The reward was a $3 million-a-year salary, a chance at the big-time of the Pac-12 and the promise of even better jobs and better pay ahead. In just his second season, Rolovich had the Cougars (4-3) on a three-game winning streak, after all. His program in Pullman, Washington, was starting to look a lot like his previous one at Hawaii, which won its conference.
The 42-year-old can coach. There has never been any denying that.
He just isn’t a coach right now and may never be a major college head coach again.
On Monday, WSU terminated Rolovich for not getting the COVID-19 vaccine that the state of Washington mandates of every public employee. Four of Rolovich's assistants were shown the door as well.
That decision is within Rolovich’s rights. This is a free country. Or it should be. If he doesn’t want the vaccine, he shouldn’t have to get it.
At the same time, Washington Gov. Jay Inslee has the power to require the government’s employees to get the shot or lose their job. The order has already withstood dozens of court challenges.
So it’s all good, at least in a vacuum. Rolovich is free to make his own decisions, just as the government is free to make its rules.
The coach isn’t guaranteed employment, though. Every action brings a reaction. Every decision has a fallout; be it good or bad.
To give up on such a dream opportunity, to give up on a chance to compete at the highest level, to walk away from players, families and staff that he convinced to follow him to rural eastern Washington couldn’t have been easy.
Rolovich hasn’t said that, of course. He hasn't said much of anything. Even as this deadline approached and this controversy simmered, he mostly dodged questions and played it coy. It’s too bad. Whatever stand he is trying to make would be aided by an explanation.
He certainly won’t be the only person who quits a job or bails on a career or leaves people who trusted in them because of these mandates. Being a coach isn’t just any old job, of course. But in the end, he’s one of many. They just won't be as high profile.
That’s how firmly Rolovich felt about this. Agree or disagree, the depth of the conviction here is notable.
Brooklyn Nets star Kyrie Irving isn’t with his team right now, either, due to a similar anti-vaxx stance. Irving is giving up a $34.9 million salary, a $186.6 million extension and a chance to team up with Kevin Durant and James Harden and win the NBA title.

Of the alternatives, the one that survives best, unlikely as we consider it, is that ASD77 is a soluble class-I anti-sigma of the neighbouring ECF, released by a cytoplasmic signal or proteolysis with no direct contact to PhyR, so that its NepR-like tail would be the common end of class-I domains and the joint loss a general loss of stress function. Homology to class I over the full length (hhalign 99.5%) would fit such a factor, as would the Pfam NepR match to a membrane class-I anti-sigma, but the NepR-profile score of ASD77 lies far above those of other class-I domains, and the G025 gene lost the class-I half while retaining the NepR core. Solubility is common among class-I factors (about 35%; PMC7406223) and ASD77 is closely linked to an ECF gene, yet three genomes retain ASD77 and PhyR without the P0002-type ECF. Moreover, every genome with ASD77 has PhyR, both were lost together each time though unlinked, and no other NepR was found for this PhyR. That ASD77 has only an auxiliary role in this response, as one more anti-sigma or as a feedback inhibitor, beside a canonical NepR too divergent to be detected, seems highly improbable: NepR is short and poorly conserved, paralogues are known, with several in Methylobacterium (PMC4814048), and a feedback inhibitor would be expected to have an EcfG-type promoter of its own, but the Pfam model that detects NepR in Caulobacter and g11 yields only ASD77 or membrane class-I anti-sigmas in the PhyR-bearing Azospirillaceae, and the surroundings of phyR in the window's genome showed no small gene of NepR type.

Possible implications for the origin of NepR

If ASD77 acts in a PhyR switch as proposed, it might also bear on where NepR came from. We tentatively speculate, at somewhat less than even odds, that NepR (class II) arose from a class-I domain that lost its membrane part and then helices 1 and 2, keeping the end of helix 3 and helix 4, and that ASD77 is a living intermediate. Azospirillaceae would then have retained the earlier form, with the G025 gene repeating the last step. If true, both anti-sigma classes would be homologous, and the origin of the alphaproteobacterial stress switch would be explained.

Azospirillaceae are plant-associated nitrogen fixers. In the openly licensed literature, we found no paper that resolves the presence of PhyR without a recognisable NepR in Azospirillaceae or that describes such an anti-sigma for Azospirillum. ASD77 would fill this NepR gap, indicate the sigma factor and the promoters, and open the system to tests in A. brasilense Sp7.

Still, Irving could always get the vaccine and return almost immediately. The Nets will gladly play and pay him. He already made hundreds of millions of dollars and won an NBA championship. He's established.
It’s unlikely Rolovich will have such easy options. Washington State has moved on, promoting vaccinated assistant Jake Dickert to interim head coach. Even if Rolovich suddenly changed his mind and got jabbed, it's probably too late. And not just at Washington State.
The idea of a coach leaving the team for any preventable reason would terrify athletic directors, let alone recruits.
Certainly, there are some in the locker room who agree with his stance on the vaccine. But this isn’t what anyone wanted out of an exciting season, especially with a good BYU team arriving for what should have been a major showdown. No one wants the coach to implode the place. It's supposed to be the team, the team, the team.
“This is a disheartening day for our football program,” WSU athletic director Pat Chun said.
It has to be. There was a lot of momentum at Washington State.
It’s gone now.
That’s how much Rolovich rejected the mandate. That’s how much he opposed the vaccine.
No one – not his players, not his bosses, not the governor – was going to tell him what to do. He stuck to his guns, be it fearless or foolish.
It cost him his job, his team and maybe his career. But that’s America too. Whatever happens, happens.